Art Deco Styles: An Iconic Fusion of Elegance and Modernity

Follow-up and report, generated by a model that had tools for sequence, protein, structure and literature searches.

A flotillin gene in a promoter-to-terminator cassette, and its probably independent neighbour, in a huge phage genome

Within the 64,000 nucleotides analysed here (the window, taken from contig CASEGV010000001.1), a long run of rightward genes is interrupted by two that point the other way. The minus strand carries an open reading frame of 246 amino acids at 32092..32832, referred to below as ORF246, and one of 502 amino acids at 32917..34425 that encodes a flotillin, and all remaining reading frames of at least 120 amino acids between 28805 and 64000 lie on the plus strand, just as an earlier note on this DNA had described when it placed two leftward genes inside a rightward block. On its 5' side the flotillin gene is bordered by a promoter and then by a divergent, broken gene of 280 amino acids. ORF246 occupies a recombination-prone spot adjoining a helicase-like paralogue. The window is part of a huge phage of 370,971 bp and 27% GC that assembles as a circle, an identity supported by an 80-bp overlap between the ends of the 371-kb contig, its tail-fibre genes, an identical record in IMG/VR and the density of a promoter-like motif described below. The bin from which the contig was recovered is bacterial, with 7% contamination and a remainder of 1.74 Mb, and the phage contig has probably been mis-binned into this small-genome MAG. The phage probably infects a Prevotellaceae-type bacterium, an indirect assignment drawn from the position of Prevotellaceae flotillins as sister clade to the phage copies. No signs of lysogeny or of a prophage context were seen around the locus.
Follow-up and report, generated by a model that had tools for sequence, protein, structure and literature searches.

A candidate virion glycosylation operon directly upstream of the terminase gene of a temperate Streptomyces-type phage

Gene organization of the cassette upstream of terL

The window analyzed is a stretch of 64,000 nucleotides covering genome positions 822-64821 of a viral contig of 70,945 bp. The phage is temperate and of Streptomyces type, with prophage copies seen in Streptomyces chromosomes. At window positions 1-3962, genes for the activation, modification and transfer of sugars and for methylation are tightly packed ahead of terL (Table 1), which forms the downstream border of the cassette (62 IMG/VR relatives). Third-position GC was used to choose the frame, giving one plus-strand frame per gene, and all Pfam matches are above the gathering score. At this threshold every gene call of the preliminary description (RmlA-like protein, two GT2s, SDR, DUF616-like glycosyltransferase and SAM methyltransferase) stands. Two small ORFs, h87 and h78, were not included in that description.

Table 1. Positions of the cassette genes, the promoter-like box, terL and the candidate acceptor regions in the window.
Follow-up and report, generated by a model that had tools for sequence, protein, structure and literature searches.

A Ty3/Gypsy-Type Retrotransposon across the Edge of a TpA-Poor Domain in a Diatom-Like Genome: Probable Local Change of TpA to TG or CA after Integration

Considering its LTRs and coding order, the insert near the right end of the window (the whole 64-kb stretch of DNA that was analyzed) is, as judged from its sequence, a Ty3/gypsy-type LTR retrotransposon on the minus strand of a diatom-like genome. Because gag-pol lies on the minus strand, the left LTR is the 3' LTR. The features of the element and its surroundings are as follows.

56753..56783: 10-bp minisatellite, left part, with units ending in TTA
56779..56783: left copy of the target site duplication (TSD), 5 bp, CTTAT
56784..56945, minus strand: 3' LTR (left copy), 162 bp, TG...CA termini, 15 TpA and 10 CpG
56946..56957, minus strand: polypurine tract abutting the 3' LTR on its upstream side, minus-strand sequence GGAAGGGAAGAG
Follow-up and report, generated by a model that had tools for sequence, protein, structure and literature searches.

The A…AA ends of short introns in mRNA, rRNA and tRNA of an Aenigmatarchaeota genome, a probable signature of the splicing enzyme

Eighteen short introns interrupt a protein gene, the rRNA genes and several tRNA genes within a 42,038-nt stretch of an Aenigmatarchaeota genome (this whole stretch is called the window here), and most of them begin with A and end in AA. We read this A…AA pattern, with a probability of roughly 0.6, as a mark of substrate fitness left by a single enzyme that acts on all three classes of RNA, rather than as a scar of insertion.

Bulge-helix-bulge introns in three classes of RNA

Art Deco is a prominent design style that emerged in the 1920s and flourished until the outbreak of World War II. Characterized by its luxurious materials, geometric forms, and streamlined aesthetic, Art Deco became a symbol of glamour and sophistication during the interwar period. This design movement impacted various visual arts, architecture, fashion, and interior design aspects. This article will delve into the captivating world of Art Deco styles, exploring its origins, key characteristics, influential artists and architects, and its lasting legacy. Origins and Influences Art Deco drew inspiration from various sources, blending elements from different cultures, historical periods, and artistic movements. The style's name derives from the 1925 Exposition Internationale des Arts Décoratifs et Industriels Modernes held in Paris, where it was first showcased. However, its roots can be traced back to the early 20th century, influenced by the avant-garde art movements of the time, such as Cubism and Fauvism. One of the significant influences on Art Deco was the discovery of King Tutankhamun's tomb in 1922, which sparked a craze for Egyptian motifs and symbolism. This fascination with ancient Egypt led to incorporation of pyramids, sphinxes, hieroglyphics, and other Egyptian-inspired motifs into Art Deco designs. Additionally, the style's streamlined forms and angular geometry were influenced by the emerging field of industrial design and the aesthetic of machines. Key Characteristics Art Deco is characterized by distinct visual features that make it instantly recognizable. Here are some key characteristics of Art Deco styles: Geometric Shapes: Art Deco embraces geometric shapes, such as zigzags, chevrons, triangles, and stepped forms. These shapes are often used to create dynamic, visually striking compositions. Streamlined Silhouettes: Inspired by the sleek lines of modern technology and transportation, Art Deco features streamlined, aerodynamic silhouettes. These can be seen in the period's buildings, furniture, and even fashion designs. Luxurious Materials: Art Deco celebrates luxury and opulence, employing exotic woods, marble, chrome, glass, and precious metals like gold and silver. These lavish materials contribute to the overall sense of elegance associated with the style. Decorative Elements: Art Deco designs often incorporate elaborate decorative elements, such as sunbursts, stylized floral motifs, and geometric patterns. These decorative details add a touch of sophistication to the overall composition. Bold Colors: Art Deco embraces bold, contrasting colour schemes. Vivid hues like royal blue, emerald green, ruby red, and vibrant yellow are frequently used to create a visually striking impact. Sunburst Motifs: The sunburst motif, symbolizing energy and optimism, is a recurring theme in Art Deco designs. It is often represented as a radiating pattern of geometric lines or a stylized sun. Influential Artists and Architects Numerous artists and architects played significant roles in shaping and popularizing Art Deco styles. Here are a few key figures: Tamara de Lempicka: A prominent Art Deco painter, de Lempicka's works epitomize the style's elegance and glamour. Her portraits often featured fashionable, confident women in luxurious settings. Émile-Jacques Ruhlmann: Ruhlmann was a renowned French furniture designer who created exquisite Art Deco pieces. His furniture designs combined luxurious materials with precise craftsmanship and sleek silhouettes. Erté: A Russian-born artist and designer, Erté was renowned for his extravagant fashion illustrations and costume designs. His work showcased the epitome of Art Deco elegance and sophistication. Raymond Hood: An influential architect, Hood's designs include the iconic Rockefeller Center in New York City. He incorporated Art Deco elements into the skyscraper's design, contributing to the style's popularity in the United States. Clarice Cliff: A British ceramic artist, Cliff revolutionized the pottery industry with her bold and colourful Art Deco designs. Her pottery pieces featured geometric patterns and vibrant glazes. Legacy and Modern Interpretations Although the heyday of Art Deco was in the early 20th century, its influence and appeal continue to resonate in modern design. Art Deco elements can be found in contemporary architecture, interior design, and fashion. In architecture, buildings like the Chrysler Building in New York City and the Napier Municipal Theatre in New Zealand exemplify the enduring impact of Art Deco. These structures continue to captivate audiences with their sleek lines, decorative details, and innovative use of materials. In interior design, Art Deco-inspired furniture and decor remain highly sought after. The style's emphasis on luxury and glamour translates well into modern homes, with its sleek lines and geometric patterns adding a touch of sophistication to any space. Art Deco influences can be seen in the designs of many contemporary fashion houses. The use of bold colours, geometric patterns, and luxurious materials harkens back to the elegance and allure of the Art Deco era. Conclusion Art Deco styles represent a fascinating fusion of elegance and modernity. Emerging in the 1920s, this design movement embraced geometric shapes, luxurious materials, and bold colours. Its influence extended to various artistic fields, leaving an indelible mark on architecture, interior design, fashion, and more. With its timeless appeal, Art Deco continues to captivate audiences and inspire contemporary design. The legacy of this iconic style serves as a testament to its enduring popularity and artistic significance.